Nothing gets done on Valentine’s Day, as everybody has a pretty lousy day in what is probably the most forgettable issue in this long-form story. Considering the opening issues offered so many ideas and directions in which the story could fall, from a character-driven perspective, it’s disappointing to find that nothing is really going anywhere by the time we hit issue #5. Batman and Selina continue to dance around each other, Gordon and Dent let down their wives, and that’s about it!
The most pressing point from last issue is the murder of Alberto Falcone, of course, who fell off a boat several weeks ago and was never recovered. The most interesting scene this time round doesn’t play into Valentine’s Day at all, other than to help emphasise how alone and fragile Carmine Falcone has now become. As he stands in the cemetery to genuinely grieve for a son he honestly loved, it’s a reminder that there are meant to be stakes in this story. For the last few months Carmine has been surrounded by death, and by a serial killer who seems to be truly fixated on The Roman. At this point in the year, and especially on the only notable holiday during February, there’s something poignant about seeing this mobster leave himself completely open.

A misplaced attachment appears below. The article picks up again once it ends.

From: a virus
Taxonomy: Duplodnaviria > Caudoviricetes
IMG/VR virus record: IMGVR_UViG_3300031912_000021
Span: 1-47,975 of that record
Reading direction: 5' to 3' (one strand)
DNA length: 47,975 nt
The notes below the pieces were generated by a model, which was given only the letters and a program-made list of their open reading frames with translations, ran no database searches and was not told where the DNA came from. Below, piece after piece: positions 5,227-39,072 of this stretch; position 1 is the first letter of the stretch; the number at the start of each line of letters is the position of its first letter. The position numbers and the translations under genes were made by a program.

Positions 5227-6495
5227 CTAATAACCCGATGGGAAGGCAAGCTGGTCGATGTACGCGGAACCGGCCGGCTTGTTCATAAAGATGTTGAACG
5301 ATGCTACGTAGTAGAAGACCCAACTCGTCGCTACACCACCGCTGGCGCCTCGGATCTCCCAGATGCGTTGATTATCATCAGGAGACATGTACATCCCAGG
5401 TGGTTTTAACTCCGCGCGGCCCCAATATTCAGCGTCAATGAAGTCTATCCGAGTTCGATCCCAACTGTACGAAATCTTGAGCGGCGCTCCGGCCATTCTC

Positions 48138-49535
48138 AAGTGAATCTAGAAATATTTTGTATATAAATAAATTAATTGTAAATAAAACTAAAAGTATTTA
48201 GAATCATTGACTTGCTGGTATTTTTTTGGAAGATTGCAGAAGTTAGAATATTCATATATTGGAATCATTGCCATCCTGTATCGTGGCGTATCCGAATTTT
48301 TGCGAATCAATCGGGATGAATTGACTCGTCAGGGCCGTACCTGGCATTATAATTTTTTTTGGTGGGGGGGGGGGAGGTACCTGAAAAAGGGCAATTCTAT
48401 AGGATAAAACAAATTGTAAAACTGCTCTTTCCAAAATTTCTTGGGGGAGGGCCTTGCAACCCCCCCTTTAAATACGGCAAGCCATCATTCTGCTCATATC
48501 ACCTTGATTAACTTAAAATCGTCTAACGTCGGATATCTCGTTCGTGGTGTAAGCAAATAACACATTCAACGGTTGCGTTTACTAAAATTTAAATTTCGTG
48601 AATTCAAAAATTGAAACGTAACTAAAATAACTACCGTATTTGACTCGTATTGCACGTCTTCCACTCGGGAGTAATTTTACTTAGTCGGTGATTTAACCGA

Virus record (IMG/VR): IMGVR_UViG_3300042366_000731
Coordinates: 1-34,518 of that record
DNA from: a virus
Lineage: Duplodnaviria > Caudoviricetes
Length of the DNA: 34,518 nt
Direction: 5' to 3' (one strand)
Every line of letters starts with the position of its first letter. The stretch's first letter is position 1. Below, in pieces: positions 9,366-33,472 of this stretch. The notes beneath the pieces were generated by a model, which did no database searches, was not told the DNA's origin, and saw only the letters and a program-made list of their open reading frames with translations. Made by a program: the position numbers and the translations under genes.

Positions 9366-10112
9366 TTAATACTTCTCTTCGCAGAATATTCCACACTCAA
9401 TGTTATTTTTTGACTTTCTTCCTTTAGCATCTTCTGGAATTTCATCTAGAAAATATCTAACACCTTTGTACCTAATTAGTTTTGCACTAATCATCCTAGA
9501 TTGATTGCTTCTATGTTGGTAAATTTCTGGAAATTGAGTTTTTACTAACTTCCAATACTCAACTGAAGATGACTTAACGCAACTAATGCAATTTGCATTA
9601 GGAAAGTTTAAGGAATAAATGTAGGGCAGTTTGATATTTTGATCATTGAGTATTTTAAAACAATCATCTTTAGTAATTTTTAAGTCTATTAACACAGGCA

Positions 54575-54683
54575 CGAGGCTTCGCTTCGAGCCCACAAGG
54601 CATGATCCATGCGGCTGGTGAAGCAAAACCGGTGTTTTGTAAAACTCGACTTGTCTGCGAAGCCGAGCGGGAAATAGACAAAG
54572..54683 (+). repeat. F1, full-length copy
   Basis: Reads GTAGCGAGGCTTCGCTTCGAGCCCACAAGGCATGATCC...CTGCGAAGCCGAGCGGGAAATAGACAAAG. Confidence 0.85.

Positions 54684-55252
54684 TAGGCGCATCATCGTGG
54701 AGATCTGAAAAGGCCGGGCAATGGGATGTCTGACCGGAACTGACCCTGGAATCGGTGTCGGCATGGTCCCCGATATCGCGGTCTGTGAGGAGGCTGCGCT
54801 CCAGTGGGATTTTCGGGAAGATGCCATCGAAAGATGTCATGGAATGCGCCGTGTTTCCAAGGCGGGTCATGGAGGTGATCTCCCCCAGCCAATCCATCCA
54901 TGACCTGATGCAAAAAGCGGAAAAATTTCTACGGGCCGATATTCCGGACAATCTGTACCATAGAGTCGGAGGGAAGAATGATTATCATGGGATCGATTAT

There needs to be some kind of escalating drama in a murder mystery, and here’s it’s provided not by the curdling of the Gordon/Dent/Batman trio (which seems to be taking an incredibly long time to get to a boil) but instead by Falcone gradually unravelling. What’s interesting really is that so far we’ve not actually seen Falcone’s crimes – we’ve seen him try to bribe and intimidate people, but The Long Halloween presents him more as a harassed businessman than as a active criminal and participant in unforgivable crimes. It’s because of this that the comic is able to trade in the typical talk of ‘honour’ that inevitably comes along in any story about organised crime. Falcone says to Batman that Alberto was “innocent” because he was never involved in the business, which is telling.
Batman’s appearance in the graveyard leads to some severe emotional whiplash, as he throws a guilt trip on Falcone which seems unnecessary in the extreme. For all that Falcone has done, it seems out of character for Batman to be the one who shows up during a private memorial just to attack a mourner. That Catwoman then shows up is a bizarre choice, with Batman eagerly and happily chasing after her without a second thought to the idea he was meant to be trying to intimidate Falcone only a few moments prior. He runs off like a lovesick puppy, which must confuse Falcone – and isolate him further. As Batman says, Falcone is now a “little man”, and his family are dead. His power has died with them, it seems.